Here is the setting: a quiet spot by an Adirondack river, early morning, almost winter solstice. Blue jays, chickadees, nuthatches, evening grosbeaks, mourning doves and a congregation of grey squirrels swoop in for some breakfast as the sky lightens to day. Inside the quiet house, the cats nibble at their crunchies, the refrigerator hums, and the kitchen clock ticks loudly. There is a quiet peace in our northern forest home.
Yesterday we were out in the world. We visited stores and shops and greeted shopkeepers with festive holiday cheer. The sun, although low on the horizon, was bright. Clouds decorated the sky over the high peaks. On our way home we stopped to buy our Christmas tree. Once we pulled in the driveway, there were Christmas cards in our mailbox, waiting to say hello from friends and family far away. There is an undercurrent of "things going on" everywhere we turn. This is the festive atmosphere that surrounds us as we approach the winter solstice every year. This year, for many, is no exception.
In light of recent events, however, there is something else going on in the undercurrent of these dark days. We have been made aware of unimaginable sorrow that has been endured by people just like us, people who live a couple hundred miles away in a small town in Connecticut that will forever be changed by the terrifying act of a single young man. Details pile up, and are repeatedly offered to us as news bits on television, radio, newspaper and internet. We can now imagine quite clearly how it felt to have such a horrifying thing happen in their community.
In the immediate aftermath of Dec. 14, conversations turned to blame. The United States has more gun violence than all other countries, so blame is placed on those who continually argue for a citizen's right to "bear arms." Blame is placed on the media, because they sensationalize the killers, and depressed suicidal individuals are immortalized when they choose to go out taking innocent lives with them. Copycat mentally ill individuals get "ideas" when they read or listen to all the details provided by the media. Movies and television shows portray famous actors wielding guns and choosing violence, and it is accessible to every one of us, no matter what age we are. Those fictionalized stories, rife with guns and gun action, make up the "juice" of many of our accepted forms of entertainment. There is plenty of blame to go around.
Graphs and charts show us how much gun violence our country experiences compared with other countries. Mass shootings are compared to one another. Their frequency and locations and types of gun are counted. Gun laws are examined and discussed, but helpful action does not happen. Politics becomes involved, and logic vanishes. Whether we like it or not, guns are everywhere, including the hands of the mentally ill.
Taking a deep breath
We need to step back and take a deep breath. We need to do something to realign our course, each of us. We can't undo the damage that has befallen our Connecticut neighbors. History cannot that easily be reinvented. However, we can make a difference in the other direction. We can offer more kindness to the world. In facing the awful losses suffered, we ought to find a way to add something back. All of us can do something to make a difference by being generous, by showing random acts of kindness whenever we can.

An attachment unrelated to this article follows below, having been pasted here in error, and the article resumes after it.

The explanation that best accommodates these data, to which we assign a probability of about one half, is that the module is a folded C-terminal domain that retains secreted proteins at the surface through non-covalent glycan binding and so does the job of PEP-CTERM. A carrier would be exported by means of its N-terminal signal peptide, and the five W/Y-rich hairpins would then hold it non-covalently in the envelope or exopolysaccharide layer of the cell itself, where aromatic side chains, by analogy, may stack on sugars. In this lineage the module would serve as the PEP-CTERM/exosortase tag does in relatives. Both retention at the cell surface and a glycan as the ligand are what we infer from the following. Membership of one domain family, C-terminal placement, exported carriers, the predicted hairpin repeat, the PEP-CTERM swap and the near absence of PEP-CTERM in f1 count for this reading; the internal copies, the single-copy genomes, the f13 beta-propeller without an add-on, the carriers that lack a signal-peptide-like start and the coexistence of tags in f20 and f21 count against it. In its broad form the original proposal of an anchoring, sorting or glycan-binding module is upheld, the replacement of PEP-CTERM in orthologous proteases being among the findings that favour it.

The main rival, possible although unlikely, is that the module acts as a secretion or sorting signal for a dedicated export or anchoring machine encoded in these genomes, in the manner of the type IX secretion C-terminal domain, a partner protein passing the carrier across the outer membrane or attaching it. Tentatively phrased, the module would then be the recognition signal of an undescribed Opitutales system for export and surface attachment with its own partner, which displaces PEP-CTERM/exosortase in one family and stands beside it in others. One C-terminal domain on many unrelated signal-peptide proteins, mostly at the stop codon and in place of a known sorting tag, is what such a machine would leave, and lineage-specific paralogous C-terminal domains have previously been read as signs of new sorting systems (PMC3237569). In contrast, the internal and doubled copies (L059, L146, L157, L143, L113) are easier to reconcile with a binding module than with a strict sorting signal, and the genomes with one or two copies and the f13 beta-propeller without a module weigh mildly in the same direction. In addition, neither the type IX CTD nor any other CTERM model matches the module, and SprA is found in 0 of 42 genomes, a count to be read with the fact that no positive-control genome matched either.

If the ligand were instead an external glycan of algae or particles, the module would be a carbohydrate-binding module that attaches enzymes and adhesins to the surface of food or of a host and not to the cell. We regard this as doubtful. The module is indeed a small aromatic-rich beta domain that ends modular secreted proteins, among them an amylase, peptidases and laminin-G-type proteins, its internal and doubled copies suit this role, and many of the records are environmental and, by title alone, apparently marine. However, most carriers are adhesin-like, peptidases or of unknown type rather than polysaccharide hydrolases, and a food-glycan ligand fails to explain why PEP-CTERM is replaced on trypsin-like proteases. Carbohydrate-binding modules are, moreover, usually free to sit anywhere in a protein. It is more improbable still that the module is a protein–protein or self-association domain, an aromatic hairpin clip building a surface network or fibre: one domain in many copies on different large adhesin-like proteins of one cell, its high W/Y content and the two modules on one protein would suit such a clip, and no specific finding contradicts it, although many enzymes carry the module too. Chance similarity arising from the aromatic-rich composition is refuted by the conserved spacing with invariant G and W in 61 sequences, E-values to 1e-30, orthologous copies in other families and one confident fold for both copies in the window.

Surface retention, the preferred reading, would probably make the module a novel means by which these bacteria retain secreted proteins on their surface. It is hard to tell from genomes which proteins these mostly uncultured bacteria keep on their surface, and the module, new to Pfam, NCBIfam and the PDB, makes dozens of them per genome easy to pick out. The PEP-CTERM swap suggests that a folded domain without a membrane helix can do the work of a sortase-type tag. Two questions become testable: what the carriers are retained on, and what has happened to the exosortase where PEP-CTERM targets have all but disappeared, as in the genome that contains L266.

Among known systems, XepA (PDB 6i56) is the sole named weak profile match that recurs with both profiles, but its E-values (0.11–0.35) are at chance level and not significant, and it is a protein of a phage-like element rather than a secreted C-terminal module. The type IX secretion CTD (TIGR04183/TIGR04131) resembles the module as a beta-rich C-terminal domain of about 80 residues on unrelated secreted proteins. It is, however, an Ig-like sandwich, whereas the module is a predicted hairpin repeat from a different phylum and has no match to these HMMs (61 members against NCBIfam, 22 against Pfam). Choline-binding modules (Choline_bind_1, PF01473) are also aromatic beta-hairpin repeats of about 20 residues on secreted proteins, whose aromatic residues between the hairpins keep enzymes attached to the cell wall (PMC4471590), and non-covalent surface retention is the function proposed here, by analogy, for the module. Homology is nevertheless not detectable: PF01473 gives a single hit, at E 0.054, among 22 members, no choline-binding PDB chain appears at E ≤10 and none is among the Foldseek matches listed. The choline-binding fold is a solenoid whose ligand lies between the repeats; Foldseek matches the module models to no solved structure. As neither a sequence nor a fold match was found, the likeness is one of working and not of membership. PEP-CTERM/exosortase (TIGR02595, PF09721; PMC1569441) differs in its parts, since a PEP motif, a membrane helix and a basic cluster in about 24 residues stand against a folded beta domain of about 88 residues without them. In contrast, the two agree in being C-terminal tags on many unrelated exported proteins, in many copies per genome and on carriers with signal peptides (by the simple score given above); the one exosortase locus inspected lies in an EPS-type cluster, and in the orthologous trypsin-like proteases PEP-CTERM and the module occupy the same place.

Ideas for adding light
The best idea is first. Speak to the people in your life who you care about. Tell them you love them. Don't pass up your chances. Be extra nice to little kids. Show them there are good people in the world. Volunteer at a school, or donate to one of their drives-bake sales for school trips, raising money for a new computer lab or scoreboard, attending basketball and hockey games-all can make a difference to our kids and the teachers who work with them every day. Support improvements in mental health availability for every person, especially school-aged children.
Visit an elderly neighbor or relative, and bring some of your world into their lives. See what you can do to help them out. Send cards and letters to our military family, those serving our country far away from home. Donate to food pantries. Volunteer at the Humane Society, or better still, adopt a pet and bring some love into your home. Remember those who have lost loved ones, and offer your biggest hug. Be there for someone. Since so much light was erased from the world on Dec. 14, take it upon yourself to add some light back, wherever and however you can.
Whenever the concept of terrorism becomes real, we are humbled in a big way. Like a bolt of lightning, or an airplane intentionally hitting an office building, or a mentally ill person with guns coming into a packed movie theater, there are times life just becomes incomprehensible. We can't comprehend someone killing our children. So we need to be diligent, and we need to be wary. We need to keep our eyes open, and listen to folks who sound deeply depressed and strange. We need to keep guns away from the mentally ill.
As a country, we need to create access to better mental health care, and we need to not back off when discussion about this comes up. We need to look out for one another, especially the most vulnerable among us. And somehow, we need to add something good back when bad luck or pure evil takes joy and beauty away. Find some peace in nature, in the quiet of the forest. Look at the animals who live here with us, and feel their unencumbered spirits in the rivers and trees. Breathe it in. Remember, after the solstice, light slowly comes back to us. But it does return. Let's trust that.
Have a sincere and peaceful holiday.
Randy Lewis lives in Paul Smiths, and is the author of "Actively Adirondack: Reflections of Mountain Life in the 21st Century," Adirondack Center for Writing's People's Choice Award for Best Book 2007.